Keepin' it real · Kids · what's cookin'

Day 225: Balanced

“A balanced diet is a cookie in each hand.”
-source unknown, because I’m too lazy to look it up.

I like to think we eat fairly well in this house. Mr. December and I try to steer the kids clear of sugary snacks (granola bars are just as bad as cookies,) we eat dinner together pretty much every night, there are always fruits and vegetables on offer. We’re not so healthy that we eat freekeh and tempeh and drink kombucha, but we eat home-cooked meals, which I’ve heard might not be the norm these days (then again, it might be. I don’t know.)

Take tonight’s dinner, for example: bell peppers stuffed with ground beef and black beans, rice, grilled chicken breast, roast cauliflower, and spinach salad. A nice balanced, meal. Right? Wrong, for at least half of my family.

I mean, it could be balanced, if you put me and Mr. December on one side of the scale and everybody else on the other. See, Mr. December and I ate a little of everything on the table, except the rice. Three out of four children ate rice. That’s it. Just rice.

I’ve heard the advice that our job as parents is to put good, healthy food on the table, and their job as kids is to choose what to eat. So far, so good. I’ve also heard that a child won’t let themselves starve. Interestingly, our girls won’t—but N will. He’ll just not eat until he can sneak into the pantry for a slice of bread. Or until we serve schnitzel, which is his favourite food; then he’ll eat piles of the stuff as if he’s storing it up for hibernation.

We’ve tried the old “eat your vegetables or you don’t get any treats,” which only works to a point: he eats a whole English cucumber every single time. It doesn’t matter how many times I tell him that cucumbers are just water and vitamin C, cucumber is his go-to vegetable.

Where does this leave us? I’m trying very hard to teach my kids to listen to their bodies, and I’m trying very hard not to police their food choices. That’s how my son has ended up on the all-carb diet. What’s a parent to do?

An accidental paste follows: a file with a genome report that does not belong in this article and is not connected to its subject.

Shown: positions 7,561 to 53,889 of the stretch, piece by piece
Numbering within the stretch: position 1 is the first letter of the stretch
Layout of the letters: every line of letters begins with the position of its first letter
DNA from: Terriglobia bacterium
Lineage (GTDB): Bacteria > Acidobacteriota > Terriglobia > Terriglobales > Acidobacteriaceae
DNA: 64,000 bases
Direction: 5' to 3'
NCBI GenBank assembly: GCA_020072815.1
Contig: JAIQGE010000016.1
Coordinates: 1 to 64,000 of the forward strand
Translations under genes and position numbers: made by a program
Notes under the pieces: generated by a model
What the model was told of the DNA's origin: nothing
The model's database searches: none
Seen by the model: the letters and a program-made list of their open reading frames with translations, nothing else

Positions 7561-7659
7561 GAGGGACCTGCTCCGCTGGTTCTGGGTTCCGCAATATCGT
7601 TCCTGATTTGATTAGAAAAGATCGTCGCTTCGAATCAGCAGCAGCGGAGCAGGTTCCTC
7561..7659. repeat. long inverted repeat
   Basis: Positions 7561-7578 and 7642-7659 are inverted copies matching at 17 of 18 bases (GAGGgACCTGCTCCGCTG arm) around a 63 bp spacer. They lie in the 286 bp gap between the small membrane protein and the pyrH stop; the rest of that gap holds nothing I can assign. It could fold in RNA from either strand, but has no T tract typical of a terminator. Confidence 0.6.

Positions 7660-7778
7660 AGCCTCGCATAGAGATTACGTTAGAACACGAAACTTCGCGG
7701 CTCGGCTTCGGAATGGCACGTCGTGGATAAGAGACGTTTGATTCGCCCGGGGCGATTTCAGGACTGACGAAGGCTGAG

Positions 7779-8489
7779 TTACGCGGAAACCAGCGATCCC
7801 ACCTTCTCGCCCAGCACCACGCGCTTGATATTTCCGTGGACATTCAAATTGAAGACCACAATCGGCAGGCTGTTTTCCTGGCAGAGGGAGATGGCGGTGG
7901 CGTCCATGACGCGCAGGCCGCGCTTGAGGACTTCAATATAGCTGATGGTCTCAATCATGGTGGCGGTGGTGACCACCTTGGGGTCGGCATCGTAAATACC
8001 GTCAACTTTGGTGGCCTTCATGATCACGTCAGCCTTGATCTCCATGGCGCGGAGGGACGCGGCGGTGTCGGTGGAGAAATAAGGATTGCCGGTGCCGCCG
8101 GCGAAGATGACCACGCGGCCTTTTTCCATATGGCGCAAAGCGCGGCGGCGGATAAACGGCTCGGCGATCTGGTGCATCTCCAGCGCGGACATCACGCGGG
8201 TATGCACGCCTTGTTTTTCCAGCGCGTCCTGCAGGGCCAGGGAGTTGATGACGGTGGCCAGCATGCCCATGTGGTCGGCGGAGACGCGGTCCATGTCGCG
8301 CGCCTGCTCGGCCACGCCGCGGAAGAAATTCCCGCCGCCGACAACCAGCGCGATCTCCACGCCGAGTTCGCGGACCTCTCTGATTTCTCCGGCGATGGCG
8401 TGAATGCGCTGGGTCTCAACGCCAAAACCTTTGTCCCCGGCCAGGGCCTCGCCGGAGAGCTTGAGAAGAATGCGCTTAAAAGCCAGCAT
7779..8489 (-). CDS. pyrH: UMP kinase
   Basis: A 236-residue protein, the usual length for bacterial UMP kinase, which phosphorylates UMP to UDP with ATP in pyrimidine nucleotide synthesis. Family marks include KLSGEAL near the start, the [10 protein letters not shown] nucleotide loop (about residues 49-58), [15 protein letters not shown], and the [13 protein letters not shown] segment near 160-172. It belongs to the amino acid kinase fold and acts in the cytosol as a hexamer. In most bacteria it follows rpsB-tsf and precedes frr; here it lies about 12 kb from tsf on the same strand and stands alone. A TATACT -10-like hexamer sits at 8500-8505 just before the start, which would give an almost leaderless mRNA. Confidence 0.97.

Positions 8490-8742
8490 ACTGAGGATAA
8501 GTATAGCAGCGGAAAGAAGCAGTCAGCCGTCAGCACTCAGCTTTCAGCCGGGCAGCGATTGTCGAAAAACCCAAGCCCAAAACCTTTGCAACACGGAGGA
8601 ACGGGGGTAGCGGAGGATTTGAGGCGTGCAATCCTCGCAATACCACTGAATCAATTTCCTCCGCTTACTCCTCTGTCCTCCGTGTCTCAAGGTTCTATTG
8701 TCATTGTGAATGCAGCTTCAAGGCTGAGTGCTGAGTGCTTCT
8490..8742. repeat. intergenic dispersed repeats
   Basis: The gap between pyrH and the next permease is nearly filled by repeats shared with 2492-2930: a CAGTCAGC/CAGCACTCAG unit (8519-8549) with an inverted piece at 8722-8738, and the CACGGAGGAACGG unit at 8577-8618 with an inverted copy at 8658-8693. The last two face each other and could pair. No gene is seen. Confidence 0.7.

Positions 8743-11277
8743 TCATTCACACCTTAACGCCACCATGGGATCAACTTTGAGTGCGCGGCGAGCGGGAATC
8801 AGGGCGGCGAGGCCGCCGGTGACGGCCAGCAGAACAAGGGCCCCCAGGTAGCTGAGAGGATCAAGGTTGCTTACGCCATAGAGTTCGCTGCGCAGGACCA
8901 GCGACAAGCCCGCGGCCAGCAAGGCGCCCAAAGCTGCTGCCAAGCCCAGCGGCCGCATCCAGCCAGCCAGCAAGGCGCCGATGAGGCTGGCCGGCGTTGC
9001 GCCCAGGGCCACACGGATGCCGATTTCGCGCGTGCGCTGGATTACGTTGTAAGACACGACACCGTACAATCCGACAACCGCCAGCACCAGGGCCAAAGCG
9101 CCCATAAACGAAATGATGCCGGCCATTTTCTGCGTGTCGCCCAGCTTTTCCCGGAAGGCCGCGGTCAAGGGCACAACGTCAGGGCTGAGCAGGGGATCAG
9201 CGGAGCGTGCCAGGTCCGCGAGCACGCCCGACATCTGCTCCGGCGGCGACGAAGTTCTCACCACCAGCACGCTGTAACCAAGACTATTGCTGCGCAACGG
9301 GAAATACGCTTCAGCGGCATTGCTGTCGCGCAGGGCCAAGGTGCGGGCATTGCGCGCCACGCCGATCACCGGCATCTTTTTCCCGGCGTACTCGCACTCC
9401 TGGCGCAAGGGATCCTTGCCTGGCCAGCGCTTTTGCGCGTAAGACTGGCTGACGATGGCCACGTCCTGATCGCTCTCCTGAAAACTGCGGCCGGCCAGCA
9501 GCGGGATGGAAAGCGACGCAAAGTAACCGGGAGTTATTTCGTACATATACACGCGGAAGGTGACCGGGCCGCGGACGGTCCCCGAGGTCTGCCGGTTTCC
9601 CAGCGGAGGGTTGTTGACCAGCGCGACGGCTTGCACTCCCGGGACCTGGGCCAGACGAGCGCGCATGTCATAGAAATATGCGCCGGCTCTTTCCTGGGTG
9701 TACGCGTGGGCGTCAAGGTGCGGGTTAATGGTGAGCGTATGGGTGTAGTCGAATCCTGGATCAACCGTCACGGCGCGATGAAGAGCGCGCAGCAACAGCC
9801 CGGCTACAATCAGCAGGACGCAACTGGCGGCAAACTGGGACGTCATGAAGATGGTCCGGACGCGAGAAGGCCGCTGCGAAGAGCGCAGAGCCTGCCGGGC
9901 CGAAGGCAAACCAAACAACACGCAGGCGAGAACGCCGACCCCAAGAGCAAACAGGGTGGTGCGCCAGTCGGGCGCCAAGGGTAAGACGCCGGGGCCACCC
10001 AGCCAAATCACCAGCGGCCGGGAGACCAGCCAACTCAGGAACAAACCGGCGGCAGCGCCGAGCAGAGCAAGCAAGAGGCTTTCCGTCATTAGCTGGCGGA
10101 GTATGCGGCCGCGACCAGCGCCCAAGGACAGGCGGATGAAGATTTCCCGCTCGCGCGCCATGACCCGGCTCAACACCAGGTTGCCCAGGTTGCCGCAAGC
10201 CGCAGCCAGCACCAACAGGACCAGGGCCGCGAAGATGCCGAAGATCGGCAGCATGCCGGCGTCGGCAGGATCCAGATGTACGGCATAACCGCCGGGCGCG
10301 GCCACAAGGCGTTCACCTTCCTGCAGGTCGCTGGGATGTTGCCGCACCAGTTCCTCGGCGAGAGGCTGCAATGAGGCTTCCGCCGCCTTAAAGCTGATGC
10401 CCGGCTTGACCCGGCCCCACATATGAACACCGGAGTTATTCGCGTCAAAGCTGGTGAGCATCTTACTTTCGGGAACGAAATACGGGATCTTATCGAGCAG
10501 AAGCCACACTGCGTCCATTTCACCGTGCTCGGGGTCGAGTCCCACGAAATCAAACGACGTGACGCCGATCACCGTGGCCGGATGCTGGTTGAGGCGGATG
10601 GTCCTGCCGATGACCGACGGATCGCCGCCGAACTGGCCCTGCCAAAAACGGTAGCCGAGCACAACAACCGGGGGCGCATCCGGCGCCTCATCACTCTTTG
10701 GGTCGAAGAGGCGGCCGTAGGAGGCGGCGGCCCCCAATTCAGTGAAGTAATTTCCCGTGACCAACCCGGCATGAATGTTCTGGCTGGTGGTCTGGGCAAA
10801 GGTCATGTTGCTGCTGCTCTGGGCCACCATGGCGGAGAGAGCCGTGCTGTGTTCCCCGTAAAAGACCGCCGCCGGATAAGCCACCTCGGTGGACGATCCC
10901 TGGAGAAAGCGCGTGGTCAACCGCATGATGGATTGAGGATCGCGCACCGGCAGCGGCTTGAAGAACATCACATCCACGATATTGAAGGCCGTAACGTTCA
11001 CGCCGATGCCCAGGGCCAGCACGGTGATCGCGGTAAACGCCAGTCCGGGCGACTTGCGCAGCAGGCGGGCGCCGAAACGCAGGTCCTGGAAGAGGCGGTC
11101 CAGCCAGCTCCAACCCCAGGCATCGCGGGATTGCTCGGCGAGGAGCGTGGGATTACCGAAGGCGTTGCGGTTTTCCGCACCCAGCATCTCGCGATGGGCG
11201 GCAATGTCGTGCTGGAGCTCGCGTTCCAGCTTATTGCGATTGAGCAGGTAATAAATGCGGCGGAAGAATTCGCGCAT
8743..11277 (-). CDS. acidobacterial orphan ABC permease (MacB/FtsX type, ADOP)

2 thoughts on “Day 225: Balanced

  1. ??serve each child plate with 1 onehalf teaspoon of each food. (Yes, TINY sample) when they have eaten that they can have more of what ever? I believe the theory behind this is it takes lots of tasting a food to accept it and a onehalf teaspoon full of any food, even if disliked is possible in one swallow. The other theory I am familiar with is to watch for signs of nuitritional deficits and be certain each child has a multi-vitamin every day, and let them eat whatever they wish of what you buy at meal time only. This theory says kids grow up and eat a wider variety of foods naturally if they see others doing this. Neither theory is fool proof and some people are simply always picky. Sometimes it is texture not taste.
    GOOD WISHES. This is one of the joys of not actively raising young children myself any more… As a proof of hope the child who only ate steamed white rice at a chinese restaurant, with a peanut butter chaser on returning home, today only draws the line at whole monkey eyeballs and even quaffed grubs when faced with social necessity.
    Hold on. Don’t engage without real reason to believe you can win…. even 1/2 tsp amounts.
    THANK YOU SO MUCH. You are a wonderful stress grounding help.

  2. My only comment is to say (at least in some cases) it does get better. I have a child who wouldn’t eat anything mixed together. If we had any kind of casserole, stir fry or any such thing, they needed their food in separate piles created probably before everything was cooked. And yet now they are much more adventurous in what they eat. My husband was the same way. He lived for years on PB&J sandwiches. Wouldn’t even eat traditional Thanksgiving meal, and yet now eats all the things. Try and make something at a meal that a child will eat. Our rule is you have to try it, and I’m not going to make you anything else.

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